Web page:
West Gallery instruments and sheet music
All Saints has a collection of six West Gallery instruments which are some of the original instruments played by Winterton people who made up a band to provide music in the church before the first organ was purchased on 1840. Currently [December 2011] they are not on view in the church as we have been advised that we need to provide better quality display cases if the instruments are not to deteriorate further. We hope to be able to provide this soon so that they can again be on view to all.
This rare collection of West Gallery wind instruments includes:
Bassoon with wing joint absent, by Milhouse of London c.1800.
Three keyed tenor oboe [or cor anglais] by Milhouse of Newark c.1763-1788. A very unusual instrument for a church band.
One keyed walking stick flute: lower section absent. Made to imitate a bamboo walking stick. About 1790.
One keyed boxwood flute, possibly by Milhouse, London c.1790.
Four keyed boxwood flute by Phillips.
Five keyed clarinet in C: boxwood and ivory by Metzler c.1800.
There is also in our archives contemporary sheet music which was used, with these instruments, in All Saints until the mid 19th century. This has been transcribed to modern musical notation by Ruairidh Grieg. To see these modern transcripts click Winterton Church Manuscript You are welcome to download and use this manuscript but please make reference to its source.
We are unaware of any similar, extensive West Gallery instrument collection with contemporary sheet music in the UK original to the church in which it was used.
What is West Gallery music?
A very clear outline of this music, common in English churches in the 18th and early 19th centuries, and its significance is given on the website at: http://www.rodingmusic.co.uk/ and which can be downloaded here Introduction to West Gallery Music
What is a West Gallery?
Many churches had a west gallery so called as it was located at the west end of the nave. In All Saints there was a gallery erected in 1754 against the tower wall at the west end of the nave. It was not taken down until 1872.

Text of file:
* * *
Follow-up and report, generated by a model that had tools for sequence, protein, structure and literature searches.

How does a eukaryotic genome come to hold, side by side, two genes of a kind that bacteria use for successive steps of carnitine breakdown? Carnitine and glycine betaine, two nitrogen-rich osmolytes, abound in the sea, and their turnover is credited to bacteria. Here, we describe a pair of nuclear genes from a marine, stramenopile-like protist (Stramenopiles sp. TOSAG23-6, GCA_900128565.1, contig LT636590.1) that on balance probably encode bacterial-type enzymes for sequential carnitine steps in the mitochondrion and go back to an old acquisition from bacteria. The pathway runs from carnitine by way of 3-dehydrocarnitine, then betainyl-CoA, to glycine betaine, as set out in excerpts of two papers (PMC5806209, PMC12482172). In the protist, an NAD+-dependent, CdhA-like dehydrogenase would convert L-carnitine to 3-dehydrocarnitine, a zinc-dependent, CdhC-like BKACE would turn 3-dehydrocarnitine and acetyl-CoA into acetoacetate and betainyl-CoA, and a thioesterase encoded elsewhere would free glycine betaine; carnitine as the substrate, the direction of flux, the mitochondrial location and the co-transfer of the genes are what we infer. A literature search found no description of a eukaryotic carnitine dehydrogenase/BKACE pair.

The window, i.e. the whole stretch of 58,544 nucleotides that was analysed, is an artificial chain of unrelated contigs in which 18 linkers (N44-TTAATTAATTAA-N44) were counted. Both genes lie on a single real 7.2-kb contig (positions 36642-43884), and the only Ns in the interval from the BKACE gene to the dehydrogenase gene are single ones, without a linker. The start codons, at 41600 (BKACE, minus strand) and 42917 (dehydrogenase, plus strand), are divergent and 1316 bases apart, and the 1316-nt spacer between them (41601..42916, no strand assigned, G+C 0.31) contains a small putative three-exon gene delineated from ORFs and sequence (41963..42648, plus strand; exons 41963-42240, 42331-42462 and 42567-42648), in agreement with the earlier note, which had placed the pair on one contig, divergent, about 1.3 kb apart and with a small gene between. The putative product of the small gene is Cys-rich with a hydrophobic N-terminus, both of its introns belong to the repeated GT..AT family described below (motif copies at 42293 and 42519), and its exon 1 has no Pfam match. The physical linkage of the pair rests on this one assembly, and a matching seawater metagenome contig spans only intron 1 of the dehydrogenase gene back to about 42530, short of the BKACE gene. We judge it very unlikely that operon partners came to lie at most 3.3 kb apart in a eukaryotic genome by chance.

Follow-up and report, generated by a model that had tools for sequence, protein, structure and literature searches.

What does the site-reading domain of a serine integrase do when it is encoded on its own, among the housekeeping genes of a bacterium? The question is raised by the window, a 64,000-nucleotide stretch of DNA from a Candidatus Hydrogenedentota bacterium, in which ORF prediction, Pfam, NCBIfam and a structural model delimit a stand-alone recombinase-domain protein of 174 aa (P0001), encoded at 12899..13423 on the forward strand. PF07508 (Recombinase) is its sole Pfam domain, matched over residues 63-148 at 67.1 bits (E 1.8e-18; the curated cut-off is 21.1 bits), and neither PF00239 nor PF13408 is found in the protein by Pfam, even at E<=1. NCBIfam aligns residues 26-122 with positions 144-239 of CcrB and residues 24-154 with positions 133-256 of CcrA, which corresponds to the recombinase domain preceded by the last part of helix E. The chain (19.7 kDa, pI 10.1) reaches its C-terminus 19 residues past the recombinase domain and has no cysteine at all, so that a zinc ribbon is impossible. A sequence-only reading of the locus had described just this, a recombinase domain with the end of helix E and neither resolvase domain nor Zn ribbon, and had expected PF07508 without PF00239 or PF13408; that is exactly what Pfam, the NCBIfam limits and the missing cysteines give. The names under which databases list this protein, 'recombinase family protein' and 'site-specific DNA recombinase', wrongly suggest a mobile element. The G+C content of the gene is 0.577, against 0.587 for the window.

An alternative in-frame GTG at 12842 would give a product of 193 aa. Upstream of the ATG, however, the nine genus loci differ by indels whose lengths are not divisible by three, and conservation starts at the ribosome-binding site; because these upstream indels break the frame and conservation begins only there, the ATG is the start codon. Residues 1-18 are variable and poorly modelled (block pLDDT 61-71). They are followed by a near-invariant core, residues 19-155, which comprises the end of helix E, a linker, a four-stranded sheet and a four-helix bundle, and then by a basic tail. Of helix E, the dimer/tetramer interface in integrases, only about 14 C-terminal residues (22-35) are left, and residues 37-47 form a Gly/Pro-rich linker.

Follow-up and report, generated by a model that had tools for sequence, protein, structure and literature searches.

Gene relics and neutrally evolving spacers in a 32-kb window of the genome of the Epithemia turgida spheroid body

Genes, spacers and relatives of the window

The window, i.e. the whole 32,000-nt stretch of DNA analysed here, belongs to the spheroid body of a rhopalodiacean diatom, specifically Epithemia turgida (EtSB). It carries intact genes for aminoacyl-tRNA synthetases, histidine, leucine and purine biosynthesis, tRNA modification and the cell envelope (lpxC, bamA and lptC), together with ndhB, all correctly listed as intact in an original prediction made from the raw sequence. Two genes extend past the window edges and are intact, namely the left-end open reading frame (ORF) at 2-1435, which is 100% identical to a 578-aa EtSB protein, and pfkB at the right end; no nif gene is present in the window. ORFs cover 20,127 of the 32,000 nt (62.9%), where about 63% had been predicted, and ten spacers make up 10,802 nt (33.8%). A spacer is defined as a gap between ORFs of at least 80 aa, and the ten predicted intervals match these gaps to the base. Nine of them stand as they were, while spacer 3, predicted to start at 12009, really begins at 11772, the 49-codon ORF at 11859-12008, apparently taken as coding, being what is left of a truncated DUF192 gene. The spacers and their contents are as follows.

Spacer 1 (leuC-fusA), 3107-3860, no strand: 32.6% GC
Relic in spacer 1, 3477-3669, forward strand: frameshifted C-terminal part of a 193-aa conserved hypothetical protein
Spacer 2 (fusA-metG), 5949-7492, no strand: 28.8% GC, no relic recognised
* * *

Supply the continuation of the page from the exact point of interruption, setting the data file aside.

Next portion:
Much information about churches with west galleries can be found at http://www.westgallerychurches.com/
West Gallery Music in Winterton
According to Canon Fowler's notes in the 1912 edition of Credland's Almanack , in the 1830s at All Saints, "The Choir at the time occupied the gallery at the west end of the church, the instruments used being a flute, bass fiddles, bassoon, and a clarinet; these were played by Messrs T. Wilson, G. Nassau, L. Phillipson, W. Tock, and P. Jolly. The vocal members were Messrs. T Robinson, R Pearson, and R Michaelwaite. The latter was one of the Churchwardens, and used to announce the number of the hymns or Psalms in such a faltering voice as was scarcely audible. After several complaints, a notice board was affixed in the centre of the gallery, with hymns on one side and Psalms on the other, the number being indicated by movable figures.
The conductor of this unique choir gave great offence to one of the violin players by always looking at him when any mistake was made, and he threatened to give the conductor a smart switch with his bow if he ever dared to turn round again when a mistake was made, as the congregation thought that he alone was the cause. Their unsatisfactory conduct and irregular attendance at the services caused Mr. John Barratt, one of the Churchwardens, to decide upon having a change, and he called upon Mr. Godfrey Robinson, to assist him in collecting funds for an organ. They were only partly successful. However, an order was given to Messrs. Beeforth t Co., Hull, and an instrument erected in the gallery at the west end during the year 1839."
Many churches in the 19th century ended the West Gallery tradition and installed organs. At All Saints the gallery was not taken down until 1872 although the first organ was purchased in 1840 so there may have been an overlap period when both musical traditions were in place. West Gallery music events are held in our church from time to time.